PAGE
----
Marriage and aging often trigger people to modify their estate plans. What about unmarried couples? We often think of cohabiters as being young, although over 4 million are over the age of fifty, 900,000 of whom are over the age of 65.
The trend follows a combination of factors including rising divorce rates, aging baby boomers, and more expansive views of relationships. Living together brings companionship, intimacy, dispels loneliness and may provide economic stability. Unlike marriage, living together does not interfere with government or pension benefits, it does not render your partner ineligible for Medicaid, and you are not responsible for your partner’s personal debt.
Now let’s address the unpleasant: One of you gets sick, hospitalized, or dies without having granted legal authority (power of attorney) over assets, bank accounts, insurance policies, and financial and medical decision-making. Unlike marriage, there is no “default” authority. Without proper documentation, unmarried partners could even be restricted from hospital visits.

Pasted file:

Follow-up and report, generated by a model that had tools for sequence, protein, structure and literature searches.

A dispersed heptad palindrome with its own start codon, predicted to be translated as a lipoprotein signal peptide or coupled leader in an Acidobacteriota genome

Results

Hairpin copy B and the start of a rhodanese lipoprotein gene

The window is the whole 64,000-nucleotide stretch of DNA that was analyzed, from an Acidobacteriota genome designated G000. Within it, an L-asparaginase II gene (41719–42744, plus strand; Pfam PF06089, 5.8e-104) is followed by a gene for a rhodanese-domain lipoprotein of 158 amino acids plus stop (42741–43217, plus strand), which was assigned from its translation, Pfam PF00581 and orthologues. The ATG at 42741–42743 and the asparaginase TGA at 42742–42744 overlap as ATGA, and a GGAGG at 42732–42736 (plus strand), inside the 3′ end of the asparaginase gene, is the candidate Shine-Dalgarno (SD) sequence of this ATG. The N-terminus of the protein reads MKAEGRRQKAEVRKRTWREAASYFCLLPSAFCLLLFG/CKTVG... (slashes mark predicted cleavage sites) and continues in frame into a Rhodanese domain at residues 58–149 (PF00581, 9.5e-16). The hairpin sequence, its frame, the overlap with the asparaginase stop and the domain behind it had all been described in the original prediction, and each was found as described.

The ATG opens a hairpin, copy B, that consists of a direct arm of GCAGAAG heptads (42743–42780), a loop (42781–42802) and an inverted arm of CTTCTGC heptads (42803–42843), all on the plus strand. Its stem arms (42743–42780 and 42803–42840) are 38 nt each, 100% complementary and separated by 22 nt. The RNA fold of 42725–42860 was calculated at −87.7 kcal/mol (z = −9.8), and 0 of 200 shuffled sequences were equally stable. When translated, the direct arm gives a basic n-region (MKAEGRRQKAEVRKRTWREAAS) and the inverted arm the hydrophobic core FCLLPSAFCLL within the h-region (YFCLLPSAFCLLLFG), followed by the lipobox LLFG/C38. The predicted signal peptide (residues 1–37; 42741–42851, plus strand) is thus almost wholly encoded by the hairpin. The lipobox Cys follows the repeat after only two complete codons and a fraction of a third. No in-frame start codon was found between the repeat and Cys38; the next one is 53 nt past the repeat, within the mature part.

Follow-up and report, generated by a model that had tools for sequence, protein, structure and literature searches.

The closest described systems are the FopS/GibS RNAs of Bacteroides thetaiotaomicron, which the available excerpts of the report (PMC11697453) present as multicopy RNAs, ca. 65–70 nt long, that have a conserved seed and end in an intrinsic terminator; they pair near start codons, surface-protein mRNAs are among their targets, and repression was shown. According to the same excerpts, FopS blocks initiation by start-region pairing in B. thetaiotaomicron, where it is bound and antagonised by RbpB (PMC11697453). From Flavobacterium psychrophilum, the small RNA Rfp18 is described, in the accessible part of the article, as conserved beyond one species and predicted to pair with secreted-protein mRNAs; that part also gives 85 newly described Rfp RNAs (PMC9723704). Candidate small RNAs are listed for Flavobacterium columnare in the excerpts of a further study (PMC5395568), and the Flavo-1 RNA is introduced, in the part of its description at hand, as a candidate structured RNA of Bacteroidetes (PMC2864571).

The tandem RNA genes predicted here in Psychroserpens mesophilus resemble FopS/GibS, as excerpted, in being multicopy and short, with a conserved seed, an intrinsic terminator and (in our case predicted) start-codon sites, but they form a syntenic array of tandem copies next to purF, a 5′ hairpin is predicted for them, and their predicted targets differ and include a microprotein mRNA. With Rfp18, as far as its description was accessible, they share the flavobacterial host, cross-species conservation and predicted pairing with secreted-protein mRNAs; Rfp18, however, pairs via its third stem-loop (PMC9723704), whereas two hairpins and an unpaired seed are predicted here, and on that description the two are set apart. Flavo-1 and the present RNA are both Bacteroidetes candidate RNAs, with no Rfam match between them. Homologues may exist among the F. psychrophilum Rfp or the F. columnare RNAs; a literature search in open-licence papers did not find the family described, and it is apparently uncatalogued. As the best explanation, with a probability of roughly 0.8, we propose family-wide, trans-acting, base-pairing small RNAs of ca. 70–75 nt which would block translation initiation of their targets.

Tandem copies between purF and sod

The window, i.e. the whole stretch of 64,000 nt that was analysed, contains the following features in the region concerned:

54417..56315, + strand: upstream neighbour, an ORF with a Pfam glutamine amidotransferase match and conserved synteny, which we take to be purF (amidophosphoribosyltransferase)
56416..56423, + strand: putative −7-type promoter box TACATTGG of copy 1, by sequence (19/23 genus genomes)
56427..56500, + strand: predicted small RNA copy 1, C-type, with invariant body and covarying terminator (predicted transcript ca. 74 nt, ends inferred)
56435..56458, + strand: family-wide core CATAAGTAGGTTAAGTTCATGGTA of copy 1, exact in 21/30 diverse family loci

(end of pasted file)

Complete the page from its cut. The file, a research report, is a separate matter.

The situation only becomes more complicated when the seniors have adult children from prior marriages. This trend emphasizes the need for couples to communicate with each other and their children about long-term care planning. Finally, marriage has both income and estate tax implications that should be discussed with professional advisors.
In many ways, cohabitation among older people remains improvisational. While estate planning is important for every adult, regardless of their age or marital status, older, unmarried couples should take special note to update their estate plans to reflect their specific relationship, as well as personal and financial goals.
It may be time to review your estate plan. Care for your loved ones and eliminate the additional stresses of probate and uncertainty.
Let’s talk about it. Call estate attorney Charles (Chuck) Bendig at 614.878.7777